**** DISCLAIMER: DO UN­DER­STAND THAT THIS AR­TI­CLE IN NO WAY, SHAPE OR FORM IN­TENDS TO ‘BASH’ NIGE­RIA OR TO SPEAK DOWN ON THE COUN­TRY FOR THE SAKE OF IT. I AM MERELY SPEAK­ING FROM AN OBSERVATIONAL POINT OF VIEW, SO THAT PAR­ENTS UN­DER­STAND THE REA­SONS BE­HIND MANY ‘YOUNG­STERS’ RE­LUC­TANCE TO RE­LO­CATE BACK TO NIGE­RIA. ****

Salary rates too low:

Ac­cord­ing to Num­beo, (the world’s largest data­base on cities and coun­tries world­wide, in­clud­ing in­for­ma­tion on world liv­ing con­di­tions e.g. cost of liv­ing, hous­ing in­di­ca­tors, health care, traf­fic, crime and pol­lu­tion), the av­er­age liv­ing con­di­tion in Nige­ria is ap­prox­i­mately 60% lower than that of U.K.’s as of March 2018.

This statis­tic is off-putting in it­self, given that our pop­u­la­tion ex­ceeds that of the U.K.’s by ap­prox­i­mately 30%. Af­ter con­duct­ing much deeper re­search (it is SO hard to find up-to-date salary rates for Nige­ria on­line for some rea­son), I found that the av­er­age na­tional wage ranges from about N18,000 which trans­lates to just un­der £50 ($60) a month. As­sum­ing one has to cover food, fuel, elec­tric­ity and gen­eral liv­ing and oc­ca­sional leisure costs, that just isn’t good enough. Why would any­one want to leave a guar­an­teed min­i­mum wage of over £1,000/$1,000 a month only to earn trick­les? Rea­son num­ber one. ‘Ehn, won’t they be liv­ing in their par­ents’ house?’… …. Is what some of you are prob­a­bly think­ing. Ad­mit­tedly, it’s stan­dard for most Nige­rian youth to live with their par­ents un­til a cer­tain age, there­fore eas­ing the stress of liv­ing costs. I am also very aware that salary rates dif­fer per job and level. How­ever, the fact re­mains that our av­er­age wage is one of the worst glob­ally. Salaries gen­er­ally just aren’t enough to guar­an­tee com­fort­able in­de­pen­dence for many, hence their de­ci­sion to stay abroad. One tweeter fur­ther added that -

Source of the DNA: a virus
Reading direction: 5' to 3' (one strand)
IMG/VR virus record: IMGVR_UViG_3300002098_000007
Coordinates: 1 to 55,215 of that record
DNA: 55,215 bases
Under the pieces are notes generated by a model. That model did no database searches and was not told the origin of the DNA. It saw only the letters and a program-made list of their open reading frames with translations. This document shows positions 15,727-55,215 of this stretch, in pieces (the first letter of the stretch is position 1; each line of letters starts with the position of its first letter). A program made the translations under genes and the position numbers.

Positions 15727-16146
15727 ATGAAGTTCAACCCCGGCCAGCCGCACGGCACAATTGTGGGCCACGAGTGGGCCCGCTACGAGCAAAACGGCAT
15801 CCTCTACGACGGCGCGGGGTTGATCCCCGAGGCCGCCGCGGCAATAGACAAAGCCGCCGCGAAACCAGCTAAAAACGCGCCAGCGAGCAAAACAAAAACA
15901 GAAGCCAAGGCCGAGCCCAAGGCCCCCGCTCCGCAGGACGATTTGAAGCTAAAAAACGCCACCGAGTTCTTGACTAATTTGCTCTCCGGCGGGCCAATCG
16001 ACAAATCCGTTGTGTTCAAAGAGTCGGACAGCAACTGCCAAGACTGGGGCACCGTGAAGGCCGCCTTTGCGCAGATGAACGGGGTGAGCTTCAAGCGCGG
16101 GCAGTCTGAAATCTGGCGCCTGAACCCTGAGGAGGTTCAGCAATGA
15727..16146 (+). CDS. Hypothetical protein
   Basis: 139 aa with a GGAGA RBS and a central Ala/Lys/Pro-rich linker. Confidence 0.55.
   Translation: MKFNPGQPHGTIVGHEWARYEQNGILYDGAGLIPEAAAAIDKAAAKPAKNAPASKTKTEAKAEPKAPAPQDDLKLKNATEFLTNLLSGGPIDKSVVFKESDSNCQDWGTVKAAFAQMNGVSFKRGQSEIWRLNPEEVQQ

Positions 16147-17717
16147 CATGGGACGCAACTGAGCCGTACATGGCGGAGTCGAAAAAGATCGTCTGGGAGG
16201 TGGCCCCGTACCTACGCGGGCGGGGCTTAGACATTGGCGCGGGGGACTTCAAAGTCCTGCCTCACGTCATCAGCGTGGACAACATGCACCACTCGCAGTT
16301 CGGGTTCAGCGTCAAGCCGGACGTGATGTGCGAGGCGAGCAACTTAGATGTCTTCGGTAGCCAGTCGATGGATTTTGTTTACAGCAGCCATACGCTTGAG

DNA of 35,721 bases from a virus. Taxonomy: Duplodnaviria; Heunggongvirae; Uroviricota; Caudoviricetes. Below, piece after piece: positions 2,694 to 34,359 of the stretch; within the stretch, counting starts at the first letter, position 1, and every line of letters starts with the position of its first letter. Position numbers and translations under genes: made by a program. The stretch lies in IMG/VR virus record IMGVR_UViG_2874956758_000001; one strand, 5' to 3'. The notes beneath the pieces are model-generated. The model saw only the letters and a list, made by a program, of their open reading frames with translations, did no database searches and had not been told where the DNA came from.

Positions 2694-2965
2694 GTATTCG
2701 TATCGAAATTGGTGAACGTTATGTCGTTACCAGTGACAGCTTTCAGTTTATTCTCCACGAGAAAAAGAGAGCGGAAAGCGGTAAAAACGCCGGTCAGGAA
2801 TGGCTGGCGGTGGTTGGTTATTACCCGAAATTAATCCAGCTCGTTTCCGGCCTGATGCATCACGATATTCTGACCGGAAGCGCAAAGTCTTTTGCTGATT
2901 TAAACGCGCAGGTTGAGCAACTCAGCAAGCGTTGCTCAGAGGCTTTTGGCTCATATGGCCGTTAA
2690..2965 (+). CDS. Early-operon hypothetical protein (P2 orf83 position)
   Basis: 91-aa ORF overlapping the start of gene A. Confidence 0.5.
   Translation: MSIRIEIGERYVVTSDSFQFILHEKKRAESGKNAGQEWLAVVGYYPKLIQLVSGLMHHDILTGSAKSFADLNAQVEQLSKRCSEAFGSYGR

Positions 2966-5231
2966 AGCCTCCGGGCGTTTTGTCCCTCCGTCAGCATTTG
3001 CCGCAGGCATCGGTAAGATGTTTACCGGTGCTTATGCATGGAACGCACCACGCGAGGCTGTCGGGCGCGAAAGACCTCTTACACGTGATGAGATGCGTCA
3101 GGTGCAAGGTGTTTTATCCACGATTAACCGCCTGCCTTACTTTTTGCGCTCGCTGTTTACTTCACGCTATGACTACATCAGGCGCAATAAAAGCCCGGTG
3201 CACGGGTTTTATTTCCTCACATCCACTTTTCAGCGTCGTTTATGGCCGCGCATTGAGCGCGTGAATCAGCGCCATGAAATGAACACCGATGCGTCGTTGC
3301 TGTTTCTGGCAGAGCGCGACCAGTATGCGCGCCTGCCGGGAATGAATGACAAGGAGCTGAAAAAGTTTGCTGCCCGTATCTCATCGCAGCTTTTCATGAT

‘Many have to adapt their ca­reer goals to the Nige­rian mar­ket (both job and cus­tomer de­mand) in an un­com­fort­able way to live. That dis­com­fort is then am­pli­fied by the piti­ful salaries they’re com­pro­mis­ing for.’

(Para­phrased) Some­thing to think about. Re­stricted free­dom/Un­safe/Par­ents:

I can­not dwell too much on the is­sue of safety, as al­most nowhere in the world is par­tic­u­larly safe right now. Black men in Lon­don and Amer­ica for ex­am­ple, have been con­sis­tent vic­tims of gun and knife crime for the past few weeks.

One thing I can state how­ever, is that peo­ple my age have im­plied that they would rather live in a mildly un­safe place that at least al­lows them to be their true selves, than an un­safe place where they’re con­stantly, tox­i­cally po­liced and essen­tially forced by their par­ents and gen­eral so­ci­ety to think and be­have a cer­tain way. It is for this rea­son I cat­e­gorised the three above fac­tors to­gether, par­tic­u­larly be­cause ‘par­ents’ and ‘re­stricted free­dom’ kind of go hand in hand. Hard truth A tweeter summed this is­sue up per­fectly:

‘I don’t want to have to fight ev­ery­day—fight to have my voice heard as a woman, fight against all the deeply rooted cul­tural pho­bias and “isms”, fight to get mean­ing­ful work done with­out nec­es­sary in­fra­struc­ture, fight cor­rup­tion’

Other tweet­ers owed their re­luc­tance to move back to Nige­ria to ‘gen­eral ig­no­rance’ to­wards is­sues af­fect­ing mil­len­ni­als, with a par­tic­u­lar men­tion go­ing to ‘our par­ents’ men­tal­ity’. Other is­sues?